An appreciation of the Bonne Maman jar
Is there any finer jar than the one used by Bonne Maman jam?
Consider the features of a traditional condiment jar:
- A narrow mouth with a steep lip1 helps inhibit efficient extraction of the jar’s contents2
- Opaque sides hide the jar’s contents
- Construction from plastic imbues the condiment with a faint chemical aroma
A Bonne Maman jar is none of these. It has a wide mouth and no lip, meaning every bit of excellent jam can be extracted with ease. One wash in the dishwasher neatly removes the label. It is well-proportioned and made from glass, adding heft that lowers the center of gravity and inhibits tipping when repurposed after the jam is gone. Finally, its colorful lid provides a water-tight seal and marks you as a person with fine taste; the brand’s name has a nice bit of inflection, providing pleasure to the customer hoping to emit an air of wordly erudition in correctly pronouncing the name.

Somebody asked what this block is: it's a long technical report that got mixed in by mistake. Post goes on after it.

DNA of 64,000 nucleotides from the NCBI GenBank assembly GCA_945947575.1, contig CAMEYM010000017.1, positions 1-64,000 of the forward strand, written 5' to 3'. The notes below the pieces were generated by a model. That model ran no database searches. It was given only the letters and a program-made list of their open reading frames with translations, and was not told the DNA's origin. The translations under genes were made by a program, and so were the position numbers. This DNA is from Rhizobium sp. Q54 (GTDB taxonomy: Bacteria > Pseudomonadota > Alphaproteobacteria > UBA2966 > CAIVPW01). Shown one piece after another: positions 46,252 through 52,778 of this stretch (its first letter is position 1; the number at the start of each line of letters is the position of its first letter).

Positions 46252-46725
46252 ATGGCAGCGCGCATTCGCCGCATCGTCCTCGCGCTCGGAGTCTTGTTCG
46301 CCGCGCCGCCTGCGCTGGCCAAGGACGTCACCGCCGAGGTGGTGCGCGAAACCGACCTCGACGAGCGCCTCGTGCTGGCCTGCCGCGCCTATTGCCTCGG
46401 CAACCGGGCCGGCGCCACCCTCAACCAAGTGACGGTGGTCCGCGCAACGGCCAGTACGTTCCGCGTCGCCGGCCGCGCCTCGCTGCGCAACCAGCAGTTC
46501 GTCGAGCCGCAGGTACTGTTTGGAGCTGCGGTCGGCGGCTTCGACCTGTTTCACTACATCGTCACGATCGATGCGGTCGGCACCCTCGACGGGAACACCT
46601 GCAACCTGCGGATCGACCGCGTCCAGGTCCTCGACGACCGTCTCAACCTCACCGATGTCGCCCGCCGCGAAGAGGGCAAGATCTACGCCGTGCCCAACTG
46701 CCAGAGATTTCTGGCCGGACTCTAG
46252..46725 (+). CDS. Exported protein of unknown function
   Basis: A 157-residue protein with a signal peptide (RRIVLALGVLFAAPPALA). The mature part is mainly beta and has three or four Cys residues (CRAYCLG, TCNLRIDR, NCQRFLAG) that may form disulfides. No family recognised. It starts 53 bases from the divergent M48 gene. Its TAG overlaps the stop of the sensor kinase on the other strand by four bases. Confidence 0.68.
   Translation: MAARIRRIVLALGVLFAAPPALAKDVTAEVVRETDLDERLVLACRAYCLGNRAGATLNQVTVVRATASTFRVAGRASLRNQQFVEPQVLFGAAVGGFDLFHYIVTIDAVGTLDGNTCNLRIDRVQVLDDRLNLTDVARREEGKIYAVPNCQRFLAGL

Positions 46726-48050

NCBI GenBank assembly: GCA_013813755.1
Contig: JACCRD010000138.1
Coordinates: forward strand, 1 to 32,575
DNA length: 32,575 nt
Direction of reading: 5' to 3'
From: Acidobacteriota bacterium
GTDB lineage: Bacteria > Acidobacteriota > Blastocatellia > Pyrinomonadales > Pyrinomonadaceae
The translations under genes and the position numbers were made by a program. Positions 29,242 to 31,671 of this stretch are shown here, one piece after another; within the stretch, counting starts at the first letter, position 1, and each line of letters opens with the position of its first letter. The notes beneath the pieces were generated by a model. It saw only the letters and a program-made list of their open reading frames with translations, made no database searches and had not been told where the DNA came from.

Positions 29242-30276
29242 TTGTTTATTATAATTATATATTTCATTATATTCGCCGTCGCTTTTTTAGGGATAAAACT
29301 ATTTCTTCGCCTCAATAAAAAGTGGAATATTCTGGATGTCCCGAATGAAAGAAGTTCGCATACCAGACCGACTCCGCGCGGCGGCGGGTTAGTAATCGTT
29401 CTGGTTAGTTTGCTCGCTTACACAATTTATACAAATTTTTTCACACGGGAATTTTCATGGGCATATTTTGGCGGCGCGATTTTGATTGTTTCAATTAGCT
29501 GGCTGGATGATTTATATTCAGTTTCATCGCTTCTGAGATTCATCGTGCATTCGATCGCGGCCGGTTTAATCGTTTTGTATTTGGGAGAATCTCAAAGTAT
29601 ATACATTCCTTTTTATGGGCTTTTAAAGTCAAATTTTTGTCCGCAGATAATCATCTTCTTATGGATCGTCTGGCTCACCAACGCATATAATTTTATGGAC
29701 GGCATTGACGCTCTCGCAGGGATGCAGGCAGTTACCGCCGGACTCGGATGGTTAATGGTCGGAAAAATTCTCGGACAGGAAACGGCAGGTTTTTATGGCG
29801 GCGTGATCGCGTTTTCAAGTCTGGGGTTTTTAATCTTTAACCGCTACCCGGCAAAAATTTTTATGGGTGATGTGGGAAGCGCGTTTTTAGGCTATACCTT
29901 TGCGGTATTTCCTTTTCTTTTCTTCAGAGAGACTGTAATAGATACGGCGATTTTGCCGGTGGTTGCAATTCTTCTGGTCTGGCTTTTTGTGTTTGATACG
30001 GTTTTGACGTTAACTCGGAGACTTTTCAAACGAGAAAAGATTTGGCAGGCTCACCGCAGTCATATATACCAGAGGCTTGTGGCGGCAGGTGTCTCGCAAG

Every time I am scooping out mayonnaise from a tall, plastic, narrow-mouthed tub, I think, as I wipe condiment from high up on the handle of the stupid utensil, the world does not need to be this way. But for some reason it is.
Why do any jars have lips? What purpose do they serve, other than to hinder removal of their contents? Is there some unquestioned tradition from the early days of container manufacturing? Some trick of mass production that requires it? Are lids super expensive? It is remarkable that Bonne Maman alone seems to have escaped this design flaw. ↩
It is worth pointing out that a spoon is a much more effective tool than a knife for both removing and spreading nearly any condiment. ↩